There are two consistent problems with publicly available weather networks: they are placed in public locations, often at a distance from where measurements would be consequential to grower decision-making, and they require maintenance and calibration to achieve adequate performance levels. These two issues create a mismatch between value and cost, rendering the network too expensive and the data irrelevant. This problem is not unique to Brazil. Now imagine if across Brazil’s 80M cultivated hectares we installed an intelligent network of devices that required minimal maintenance and no recalibration, measured all key elements relevant to crop growth, and connected anywhere regardless of cellular infrastructure. We believe that the technologies needed to make this system a reality are just now becoming available and open up new possibilities for solving some of the most pressing challenges in Brazilian agriculture. The total price tag for nationwide crop health analytics would amount to less than 0.3% of the credit banks lend out for agriculture alone in the country. The region of Mato Grosso could build both a spray recommendation network and yield forecasting system for $1.67 per hectare ($.67/acre), which we believe is a small fraction of the value that could be created for farmers.

Who wins?
While it may be obvious that this system directly benefits growers through delivering predictive analytics on weather and crop yields, a number of other industries also stand to gain from increased transparency. Brazilian farmers are heavily dependent on access to credit markets to fund farming operations. In Brazil, credit is highly subsidized, meaning banks take on a disproportionate amount of risk without insight into the management practices and localized weather patterns that impact output at the end of the season. During the 2017–18 harvest season, Brazilian banks lent out $45B to farmers, the greatest amount in history, with plans to further increase lending for the 2018–19 season (estimated at $51B(ii)). Access to rural credit is crucial for the Brazilian agro-industry to maintain its position as leading producer. At the same time, the insurance market in Brazil remains immature, especially when compared to the long-established, heavily subsidized US multi-peril crop insurance programs. In Brazil, parametric insurance, or drought coverage, is offered using CHIRPS datasets. Reducing basis risk to encourage participation is critical to driving profit maximizing decisions on the farm. With better microclimate and crop models, ag input companies can deliver environment-tailored products and genetics while providing more precise agronomic recommendations to growers based on field-specific conditions, and in return, they gain satisfied customers. Food and agribusiness gains insight into potential supply-side disruptions, and can optimize procurement decisions. Most importantly, due to Brazil’s outsize role, the global food system wins through field-level decision optimization and the improved quality, yield outcomes, and stability that continues to catalyze investment needed to meet our increasing food demand.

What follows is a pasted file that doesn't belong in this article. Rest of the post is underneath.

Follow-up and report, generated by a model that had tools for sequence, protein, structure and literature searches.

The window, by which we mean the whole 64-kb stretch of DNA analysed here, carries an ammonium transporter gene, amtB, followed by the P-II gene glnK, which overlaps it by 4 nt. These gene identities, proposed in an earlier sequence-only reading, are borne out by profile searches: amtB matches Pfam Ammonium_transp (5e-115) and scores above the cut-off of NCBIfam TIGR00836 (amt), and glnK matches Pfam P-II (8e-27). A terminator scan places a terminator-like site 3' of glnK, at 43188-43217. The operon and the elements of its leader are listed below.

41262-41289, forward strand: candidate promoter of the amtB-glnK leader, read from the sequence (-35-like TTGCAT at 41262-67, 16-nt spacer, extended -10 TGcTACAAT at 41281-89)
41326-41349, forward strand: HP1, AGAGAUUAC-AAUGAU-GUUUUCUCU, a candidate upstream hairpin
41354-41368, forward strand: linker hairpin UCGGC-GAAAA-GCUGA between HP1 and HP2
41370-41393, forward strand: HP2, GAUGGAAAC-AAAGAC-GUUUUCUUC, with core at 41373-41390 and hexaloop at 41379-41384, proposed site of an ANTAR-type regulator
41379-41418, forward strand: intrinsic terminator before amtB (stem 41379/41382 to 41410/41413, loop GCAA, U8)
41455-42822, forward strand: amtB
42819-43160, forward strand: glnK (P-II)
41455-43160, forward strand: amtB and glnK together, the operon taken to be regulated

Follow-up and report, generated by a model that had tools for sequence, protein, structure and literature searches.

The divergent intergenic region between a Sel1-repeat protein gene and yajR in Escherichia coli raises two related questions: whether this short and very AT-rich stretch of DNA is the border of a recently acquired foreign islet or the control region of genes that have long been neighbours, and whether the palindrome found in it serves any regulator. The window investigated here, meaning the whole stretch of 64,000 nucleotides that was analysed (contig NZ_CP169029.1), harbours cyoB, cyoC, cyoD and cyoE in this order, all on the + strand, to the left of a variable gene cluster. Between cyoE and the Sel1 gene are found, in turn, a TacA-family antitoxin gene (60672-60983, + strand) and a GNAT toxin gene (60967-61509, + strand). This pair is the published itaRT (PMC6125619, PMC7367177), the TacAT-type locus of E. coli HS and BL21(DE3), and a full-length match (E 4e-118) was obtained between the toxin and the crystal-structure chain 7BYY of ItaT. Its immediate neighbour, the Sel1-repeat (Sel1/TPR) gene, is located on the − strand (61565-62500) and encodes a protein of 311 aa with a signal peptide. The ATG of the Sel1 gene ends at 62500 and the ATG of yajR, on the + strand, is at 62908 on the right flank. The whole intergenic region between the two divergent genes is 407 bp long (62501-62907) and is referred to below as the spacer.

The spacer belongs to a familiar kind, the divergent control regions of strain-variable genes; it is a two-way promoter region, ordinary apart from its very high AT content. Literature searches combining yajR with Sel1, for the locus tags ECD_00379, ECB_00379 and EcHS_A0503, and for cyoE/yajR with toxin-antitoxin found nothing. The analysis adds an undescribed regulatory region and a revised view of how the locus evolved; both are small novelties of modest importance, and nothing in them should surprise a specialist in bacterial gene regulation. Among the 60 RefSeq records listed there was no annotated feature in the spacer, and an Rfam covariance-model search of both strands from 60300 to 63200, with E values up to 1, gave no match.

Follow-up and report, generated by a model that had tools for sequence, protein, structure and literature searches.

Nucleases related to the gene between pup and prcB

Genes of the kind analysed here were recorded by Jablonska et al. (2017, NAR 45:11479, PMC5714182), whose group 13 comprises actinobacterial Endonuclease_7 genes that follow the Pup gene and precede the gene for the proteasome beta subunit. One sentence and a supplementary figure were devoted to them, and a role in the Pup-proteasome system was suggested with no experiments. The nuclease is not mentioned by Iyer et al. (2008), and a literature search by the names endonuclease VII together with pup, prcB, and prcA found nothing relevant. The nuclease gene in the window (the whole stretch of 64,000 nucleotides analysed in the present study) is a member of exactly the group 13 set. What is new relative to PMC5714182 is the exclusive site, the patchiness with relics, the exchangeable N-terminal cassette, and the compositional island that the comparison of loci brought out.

We launch initial pilots in Brazil starting in September, 2019 to improve weather monitoring and crop forecasting for agronomic decisions in tropical climates. If you are interested in learning more or working with us, please get in touch.

Jess (holding an Arable Mark) meeting with the climate team at Embrapa, the research corporation affiliated with the Brazilian Ministry of Agriculture.